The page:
Security Spending: In the Red?

The costs of cybercrime are increasing. Are companies budgeting enough to defend themselves?

3:55 PM -- The 12th annual Computer Security Institute report is due out at the beginning of next week, and it raises some interesting questions about the costs of cybercrime and the spending patterns associated with IT security.

According to the report, cybercrime cost the average company more than $350,000 in the past 12 months -- more than double what it cost them a year ago. Yet, after many volatile years, security spending is becoming more fixed -- and comprises a lower percentage of the average company's IT budget. (See Annual CSI Study: Cost of Cybercrime Is Skyrocketing.)

Are enterprise security departments setting themselves up for a fall?

The CSI study, which for the past 11 years has been conducted in conjunction with the FBI, is one of the oldest continuous studies of security industry trends. It's not a purely scientific study -- as CSI itself will tell you -- but it's one of the most established bellwethers that we have for measuring security plans and attitudes in the enterprise.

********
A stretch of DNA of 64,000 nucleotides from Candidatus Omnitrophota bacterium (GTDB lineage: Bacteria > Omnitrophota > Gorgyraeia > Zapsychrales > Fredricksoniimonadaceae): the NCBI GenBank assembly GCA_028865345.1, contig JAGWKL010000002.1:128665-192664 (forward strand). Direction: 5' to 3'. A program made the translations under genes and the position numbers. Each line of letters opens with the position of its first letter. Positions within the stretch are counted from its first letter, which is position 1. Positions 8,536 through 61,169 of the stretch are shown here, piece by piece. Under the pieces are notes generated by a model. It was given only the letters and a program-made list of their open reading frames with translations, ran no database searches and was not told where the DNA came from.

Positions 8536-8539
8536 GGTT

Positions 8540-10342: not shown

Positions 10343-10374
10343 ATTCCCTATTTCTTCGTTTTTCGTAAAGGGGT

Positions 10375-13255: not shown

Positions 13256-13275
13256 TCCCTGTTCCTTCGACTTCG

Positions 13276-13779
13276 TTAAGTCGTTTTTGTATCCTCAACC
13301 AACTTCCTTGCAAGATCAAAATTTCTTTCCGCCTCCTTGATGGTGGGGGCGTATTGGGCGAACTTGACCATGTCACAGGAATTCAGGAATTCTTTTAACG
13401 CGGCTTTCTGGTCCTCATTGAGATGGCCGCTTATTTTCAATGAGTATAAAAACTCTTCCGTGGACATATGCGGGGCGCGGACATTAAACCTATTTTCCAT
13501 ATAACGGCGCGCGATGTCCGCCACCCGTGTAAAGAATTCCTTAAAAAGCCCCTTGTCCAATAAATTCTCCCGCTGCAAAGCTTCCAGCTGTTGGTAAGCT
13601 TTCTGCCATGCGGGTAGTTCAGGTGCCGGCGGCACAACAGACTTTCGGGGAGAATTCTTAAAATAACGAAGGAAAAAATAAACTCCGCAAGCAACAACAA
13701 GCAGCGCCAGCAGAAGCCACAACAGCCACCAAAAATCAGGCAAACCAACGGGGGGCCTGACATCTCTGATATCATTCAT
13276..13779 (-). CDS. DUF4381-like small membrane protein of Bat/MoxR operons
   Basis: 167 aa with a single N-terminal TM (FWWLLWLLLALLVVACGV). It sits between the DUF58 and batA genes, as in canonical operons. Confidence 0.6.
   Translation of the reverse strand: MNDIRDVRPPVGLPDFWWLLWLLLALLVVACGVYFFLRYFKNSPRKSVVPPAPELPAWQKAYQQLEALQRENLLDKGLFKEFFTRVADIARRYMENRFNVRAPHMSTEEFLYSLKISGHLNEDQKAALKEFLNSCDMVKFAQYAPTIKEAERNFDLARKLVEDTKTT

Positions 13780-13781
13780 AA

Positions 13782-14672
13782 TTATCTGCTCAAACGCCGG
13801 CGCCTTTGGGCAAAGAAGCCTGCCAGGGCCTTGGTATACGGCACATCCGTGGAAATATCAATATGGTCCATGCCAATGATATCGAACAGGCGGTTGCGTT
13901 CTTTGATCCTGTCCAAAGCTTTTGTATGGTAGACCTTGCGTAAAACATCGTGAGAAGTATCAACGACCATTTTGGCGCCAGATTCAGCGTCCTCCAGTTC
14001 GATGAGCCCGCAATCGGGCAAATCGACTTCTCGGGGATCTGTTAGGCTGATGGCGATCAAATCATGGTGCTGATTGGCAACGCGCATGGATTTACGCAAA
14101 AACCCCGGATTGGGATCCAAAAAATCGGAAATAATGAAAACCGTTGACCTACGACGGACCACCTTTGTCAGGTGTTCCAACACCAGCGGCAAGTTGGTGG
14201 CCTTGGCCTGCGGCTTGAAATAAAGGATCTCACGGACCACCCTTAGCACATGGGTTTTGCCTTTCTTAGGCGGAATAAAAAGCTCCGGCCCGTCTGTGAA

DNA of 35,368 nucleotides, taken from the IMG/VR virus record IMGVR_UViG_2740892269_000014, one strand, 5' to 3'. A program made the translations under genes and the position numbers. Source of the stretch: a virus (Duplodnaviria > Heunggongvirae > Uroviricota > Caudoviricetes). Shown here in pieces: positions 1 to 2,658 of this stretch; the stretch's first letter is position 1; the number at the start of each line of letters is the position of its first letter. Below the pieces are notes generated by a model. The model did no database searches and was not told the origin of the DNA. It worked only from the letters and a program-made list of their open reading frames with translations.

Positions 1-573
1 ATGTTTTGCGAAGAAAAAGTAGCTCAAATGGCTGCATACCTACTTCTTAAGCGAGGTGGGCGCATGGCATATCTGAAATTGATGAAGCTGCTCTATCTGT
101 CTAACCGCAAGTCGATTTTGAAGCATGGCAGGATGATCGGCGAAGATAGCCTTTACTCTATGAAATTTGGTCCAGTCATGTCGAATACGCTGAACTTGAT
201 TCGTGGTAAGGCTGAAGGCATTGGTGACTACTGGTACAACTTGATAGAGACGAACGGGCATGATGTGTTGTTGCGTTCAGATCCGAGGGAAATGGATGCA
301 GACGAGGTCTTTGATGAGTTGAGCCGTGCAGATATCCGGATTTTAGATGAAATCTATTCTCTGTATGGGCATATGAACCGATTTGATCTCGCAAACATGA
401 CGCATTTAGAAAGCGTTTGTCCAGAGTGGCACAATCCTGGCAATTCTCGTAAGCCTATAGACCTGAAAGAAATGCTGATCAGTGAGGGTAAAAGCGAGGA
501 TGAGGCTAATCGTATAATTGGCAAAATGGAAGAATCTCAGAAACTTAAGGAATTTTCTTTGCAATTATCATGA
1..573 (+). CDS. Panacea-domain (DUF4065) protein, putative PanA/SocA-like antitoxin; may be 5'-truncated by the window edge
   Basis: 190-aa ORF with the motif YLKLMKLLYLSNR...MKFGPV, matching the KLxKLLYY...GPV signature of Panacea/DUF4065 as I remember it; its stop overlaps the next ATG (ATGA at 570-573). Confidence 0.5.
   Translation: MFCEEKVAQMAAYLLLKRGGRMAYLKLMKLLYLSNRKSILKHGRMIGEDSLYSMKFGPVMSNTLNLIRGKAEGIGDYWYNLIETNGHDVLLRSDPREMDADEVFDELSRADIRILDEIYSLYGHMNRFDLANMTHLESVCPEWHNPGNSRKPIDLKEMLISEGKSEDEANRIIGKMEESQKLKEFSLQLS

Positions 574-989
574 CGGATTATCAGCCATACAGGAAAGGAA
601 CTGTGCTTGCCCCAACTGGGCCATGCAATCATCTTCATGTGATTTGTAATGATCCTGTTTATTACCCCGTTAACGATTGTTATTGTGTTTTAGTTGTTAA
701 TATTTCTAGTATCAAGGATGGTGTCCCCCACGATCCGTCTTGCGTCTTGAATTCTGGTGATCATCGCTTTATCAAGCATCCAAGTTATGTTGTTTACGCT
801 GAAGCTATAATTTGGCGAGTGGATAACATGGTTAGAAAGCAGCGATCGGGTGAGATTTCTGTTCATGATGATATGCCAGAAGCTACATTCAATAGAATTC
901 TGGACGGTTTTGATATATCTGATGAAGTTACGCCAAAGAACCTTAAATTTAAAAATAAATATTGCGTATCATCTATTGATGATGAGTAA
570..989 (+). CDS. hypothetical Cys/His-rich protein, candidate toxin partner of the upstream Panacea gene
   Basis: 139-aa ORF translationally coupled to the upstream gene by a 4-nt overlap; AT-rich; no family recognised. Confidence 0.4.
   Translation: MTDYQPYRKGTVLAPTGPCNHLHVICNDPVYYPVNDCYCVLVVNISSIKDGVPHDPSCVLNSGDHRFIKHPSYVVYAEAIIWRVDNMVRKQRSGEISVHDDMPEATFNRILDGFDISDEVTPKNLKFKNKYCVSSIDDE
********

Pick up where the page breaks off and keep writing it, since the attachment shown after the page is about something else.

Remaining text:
This year, after three straight years of reporting lower cybercrime costs, CSI survey respondents say they have seen significant increases in the damage caused by malicious activity. Financial fraud and insider attacks are the new culprits, displacing virus attacks as the top cost. (See Insider Threats Increase, But Damage Is Minimal.)

Yet while security spending continues to increase, its place in the budget is becoming more stable. According to the new study, almost half of respondents are now spending between 1 and 5 percent of their IT budgets on security. This is a leveling-out over last year, when 34 percent of respondents spent more than 6 percent, and 47 percent spent 2 percent or less.

Clearly, the days of wild spending on IT security are over. Companies are looking for predictable budgets from their security departments, so there is gravitation toward a set spending limit. This is certainly more fiscally responsible than handing the security department a blank check -- or no budget at all.

Unfortunately, however, security threats are not predictable. As the CSI study itself shows, there are years when incidents are down, damages are down, or both. And then there are other years, when the cost of cybercrime doubles, without warning, and IT finds itself short of the resources it needs to defend itself.

The question is this: Can IT security become a steady line item in the budget, with predictable costs and staffing requirements? Or should companies always overbudget, or keep an "emergency fund," to keep themselves in the black when attacks are especially virulent?

There's no clear answer to this question -- each company must do its own risk assessment. But if it were my company, I'd want to be sure that when a severe attack came, I'd have the resources needed to defend against it.

As we see in CSI's new report, a lot can happen in a year.

— Tim Wilson, Site Editor, Dark Reading